On Sunday, all eyes will be on Atlanta’s Mercedes-Benz Stadium, the new arena that, less than 18 months after opening, is hosting the biggest sporting event in the nation: Super Bowl LIII. The National Football League (NFL) championship game—this year between the New England Patriots and the Los Angeles Rams—will be played with an architectural backdrop unlike anything in the world. The $1.5 billion Mercedes-Benz Stadium is the most sustainable sports facility on earth. It is LEED Platinum and the only stadium of its kind with a kinetic, retractable roof. Designed by HOK in collaboration with BuroHappold Engineering, the building broke ground in 2014 and officially opened in August 2017 during the Atlanta Falcons’ pre-season. The sculptural structure replaced the 25-year-old Georgia Dome which was demolished the previous month. Ahead of the game this weekend, here’s everything you need to know about the 2-million-square-foot Mercedes-Benz stadium: Situated in downtown Atlanta, the Benz (as locals call it) houses 71,000 seats for NFL games and 32,456 seats for Major League Soccer games. It features a motorized scrim attached to the roof structure that can cover several sections. Designed to emulate the Pantheon in Rome, it features a semi-transparent retractable roof that’s nicknamed “the oculus” that lets sunlight into the interior. Bill Johnson, design principal of HOK’s Kansas City office, said this “literal out-of-the-box” thinking was what won the over Falcons’ owner Arthur Blank who bankrolled the project. “We wanted to move away from the typical square roofs you see on most stadiums and come up with something that created energy in the middle,” Johnson said. “The vision was that the opening would create a very tiny pinpoint of light on the Falcons’ logo at the 50-yard line, and as the roof retracted, the spotlight would become bigger and bigger.” The stadium’s kinetic roof consists of eight, 200-foot-long triangular “petals” made of lightweight ETFE (ethylene tetrafluoroethylene). These petals are fixed to 16 individual tracks that can move at different speeds. The Benz now holds the record for the largest application of a single ETFE membrane in the world at 143,000 square feet. The angular facade of the Benz consists of wing-like sections made of insulated metal panels that wrap around the bowl. As a nod to the swooping wings found on the Falcons’ logo, these sections overlap one another and create a feeling of movement on the exterior. The base of the building features a floor-to-ceiling glass curtain wall that lets light into the facility during the day and serves as a 16-story panoramic window to the city. To Johnson, the success of Mercedes-Benz Stadium has been its ability to create social experiences for visitors. “Fans' tastes have changed and people want a big, game-day experience,” he said. “Some of it is driven by social media, and some of it is driven by younger fans who want to get up and move around throughout an event, gathering together and watching things from different angles.” Several aspects define the Benz as ultra-green. It’s powered by 4,000 photovoltaics, including an array of solar panels designed as carports. Alone, these generate 617 kilowatt-hours of energy each year for the stadium and the surrounding neighborhoods. According to Johnson, up to 10 NFL games can be powered with this amount of energy. Additionally, underneath the stadium is a 600,000-square-foot cistern that can hold up to 2 million gallons of rainwater. Johnson said the intervention has helped decrease flooding in this area of Atlanta, while simultaneously providing irrigation for local trees. One of the most impressive features of the Benz, according to Johnson, is the 360-degree halo scoreboard that wraps the oculus. It stretches 1,075-feet-wide and six stories high. Over 4,000 miles of fiber-optic cable support the ring-shaped screen, as well as the 2,000 televisions, and other technology found in the building. While this is the first time the Benz has hosted a Super Bowl, it’s the third time Atlanta has won the bid in 25 years. The city put out a proposal midway through the construction of the new stadium. Post-opening, its first big test came last month when it played host to the 2018 Chick-fil-A Peach Bowl. The college playoffs will come back to the Benz in late December and next year, it will host the NCAA Men’s Final Four. For more, check out this timelapse of the Benz's build-out courtesy Earthcam.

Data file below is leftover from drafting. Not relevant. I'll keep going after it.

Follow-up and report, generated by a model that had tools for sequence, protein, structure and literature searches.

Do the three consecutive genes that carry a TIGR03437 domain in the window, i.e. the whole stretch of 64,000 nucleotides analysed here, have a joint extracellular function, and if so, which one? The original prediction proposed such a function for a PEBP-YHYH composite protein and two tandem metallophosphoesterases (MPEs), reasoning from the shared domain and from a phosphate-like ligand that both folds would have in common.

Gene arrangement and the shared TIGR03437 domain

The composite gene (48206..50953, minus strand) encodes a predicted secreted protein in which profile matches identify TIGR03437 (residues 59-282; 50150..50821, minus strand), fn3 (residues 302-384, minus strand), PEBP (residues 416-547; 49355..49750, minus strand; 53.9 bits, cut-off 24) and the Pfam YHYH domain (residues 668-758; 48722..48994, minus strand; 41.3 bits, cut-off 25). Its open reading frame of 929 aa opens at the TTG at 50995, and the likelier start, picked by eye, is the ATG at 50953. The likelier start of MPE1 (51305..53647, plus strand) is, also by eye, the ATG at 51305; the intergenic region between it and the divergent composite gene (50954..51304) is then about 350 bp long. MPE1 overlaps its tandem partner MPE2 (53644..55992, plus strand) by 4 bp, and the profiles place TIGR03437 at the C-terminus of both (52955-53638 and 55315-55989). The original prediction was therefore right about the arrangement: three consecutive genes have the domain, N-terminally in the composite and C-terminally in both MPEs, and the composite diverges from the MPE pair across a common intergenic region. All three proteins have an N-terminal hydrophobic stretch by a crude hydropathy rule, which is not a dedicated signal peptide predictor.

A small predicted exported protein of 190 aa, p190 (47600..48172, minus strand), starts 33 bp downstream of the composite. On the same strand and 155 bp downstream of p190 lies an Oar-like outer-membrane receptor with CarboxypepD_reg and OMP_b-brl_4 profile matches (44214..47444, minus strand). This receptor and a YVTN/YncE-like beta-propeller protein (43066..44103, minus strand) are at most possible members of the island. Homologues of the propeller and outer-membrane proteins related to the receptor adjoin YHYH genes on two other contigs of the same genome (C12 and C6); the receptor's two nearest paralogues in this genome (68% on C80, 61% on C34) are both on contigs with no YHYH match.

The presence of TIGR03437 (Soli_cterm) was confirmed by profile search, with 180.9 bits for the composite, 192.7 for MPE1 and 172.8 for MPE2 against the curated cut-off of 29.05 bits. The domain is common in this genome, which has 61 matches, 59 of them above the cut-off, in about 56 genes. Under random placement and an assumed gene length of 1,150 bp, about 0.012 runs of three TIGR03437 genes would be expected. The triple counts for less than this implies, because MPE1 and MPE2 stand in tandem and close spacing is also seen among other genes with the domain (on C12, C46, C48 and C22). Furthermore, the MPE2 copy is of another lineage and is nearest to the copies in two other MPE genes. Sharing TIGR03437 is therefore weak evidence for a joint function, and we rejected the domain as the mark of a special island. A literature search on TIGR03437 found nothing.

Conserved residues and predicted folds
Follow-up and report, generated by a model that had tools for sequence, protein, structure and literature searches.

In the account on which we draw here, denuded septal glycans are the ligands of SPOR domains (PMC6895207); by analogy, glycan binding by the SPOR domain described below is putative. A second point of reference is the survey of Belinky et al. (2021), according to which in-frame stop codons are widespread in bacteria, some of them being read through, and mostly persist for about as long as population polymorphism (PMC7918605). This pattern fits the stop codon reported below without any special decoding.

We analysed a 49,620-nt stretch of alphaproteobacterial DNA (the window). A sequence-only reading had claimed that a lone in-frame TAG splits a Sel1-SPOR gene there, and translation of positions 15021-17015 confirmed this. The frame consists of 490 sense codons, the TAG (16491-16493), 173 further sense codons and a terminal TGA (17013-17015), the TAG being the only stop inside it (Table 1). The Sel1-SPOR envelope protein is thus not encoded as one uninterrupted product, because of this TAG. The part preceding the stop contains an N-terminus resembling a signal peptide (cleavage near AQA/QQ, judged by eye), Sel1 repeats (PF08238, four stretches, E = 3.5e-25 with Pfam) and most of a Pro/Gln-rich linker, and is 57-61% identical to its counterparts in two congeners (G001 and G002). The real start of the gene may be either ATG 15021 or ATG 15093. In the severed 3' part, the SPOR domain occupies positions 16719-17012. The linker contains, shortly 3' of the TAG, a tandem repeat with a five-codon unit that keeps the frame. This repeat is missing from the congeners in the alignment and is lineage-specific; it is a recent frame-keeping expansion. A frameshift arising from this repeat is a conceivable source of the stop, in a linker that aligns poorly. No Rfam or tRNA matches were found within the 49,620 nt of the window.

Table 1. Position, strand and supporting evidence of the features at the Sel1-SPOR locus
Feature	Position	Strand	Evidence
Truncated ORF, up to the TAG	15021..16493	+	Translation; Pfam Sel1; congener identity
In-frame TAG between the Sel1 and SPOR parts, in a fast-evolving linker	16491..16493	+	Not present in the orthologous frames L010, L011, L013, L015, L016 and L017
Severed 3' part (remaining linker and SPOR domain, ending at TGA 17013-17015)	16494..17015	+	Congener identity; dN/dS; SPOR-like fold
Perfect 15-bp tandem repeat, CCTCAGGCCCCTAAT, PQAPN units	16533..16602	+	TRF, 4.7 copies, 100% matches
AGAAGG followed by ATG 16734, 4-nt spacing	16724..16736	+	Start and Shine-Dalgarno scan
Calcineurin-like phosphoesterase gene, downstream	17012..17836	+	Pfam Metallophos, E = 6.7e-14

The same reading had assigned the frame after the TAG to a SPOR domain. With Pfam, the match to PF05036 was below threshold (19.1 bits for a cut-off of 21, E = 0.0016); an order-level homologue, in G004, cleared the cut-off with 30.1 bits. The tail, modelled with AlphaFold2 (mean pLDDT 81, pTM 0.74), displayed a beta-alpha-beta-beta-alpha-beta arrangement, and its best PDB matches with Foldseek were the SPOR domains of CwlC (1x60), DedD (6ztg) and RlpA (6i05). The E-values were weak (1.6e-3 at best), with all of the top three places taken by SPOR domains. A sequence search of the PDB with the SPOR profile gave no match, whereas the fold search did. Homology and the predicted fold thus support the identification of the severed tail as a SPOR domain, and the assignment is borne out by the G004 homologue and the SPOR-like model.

Bjarke Ingels Group (BIG) has unveiled renderings for a proposed gondola line that could link downtown Oakland, California, with the firm’s proposed baseball stadium development for the Oakland Athletics on Howard Terminal. The proposed gondola line would bridge a 1.3-mile gap in transit access between the Bay Area Regional Transit (BART) system that stops in downtown Oakland and Jack London Square, a site adjacent to the new development. The link is projected to serve up to 6,000 individuals per hour and will take roughly three minutes to make the trip. The proposal has come to light as the A's and BIG work to assuage local stadium-related concerns, which include lack of transit access to the site and preservation issues for the existing Oakland-Alameda County Coliseum, which will be effectively torn down for the project. The new renderings show a conventional gondola system running above the streets of Downtown Oakland. The elevated line will ferry passengers above the street and between the buildings that line the route while picking up and dropping off at raised stations with curved metal and wood walls. Gondolas are having a bit of a moment in American transit planning circles, as two efforts are lifting off in Los Angeles and in other cities. In L.A., a recent proposal to build a gondola line linking the city’s Union Station with Dodger Stadium has gained momentum. A second proposal to build a gondola line to connect various parts of the city to the Hollywood Sign has also gained notoriety as local officials move to accommodate a recent uptick in foot traffic to the remote mountainside sign. Plans for the Oakland gondola are being developed in tandem with the stadium proposal, which calls for new residential, commercial, and cultural programs around the baseball stadium. If all goes according to plan, the new stadium and gondola line could be up and running as soon as 2023.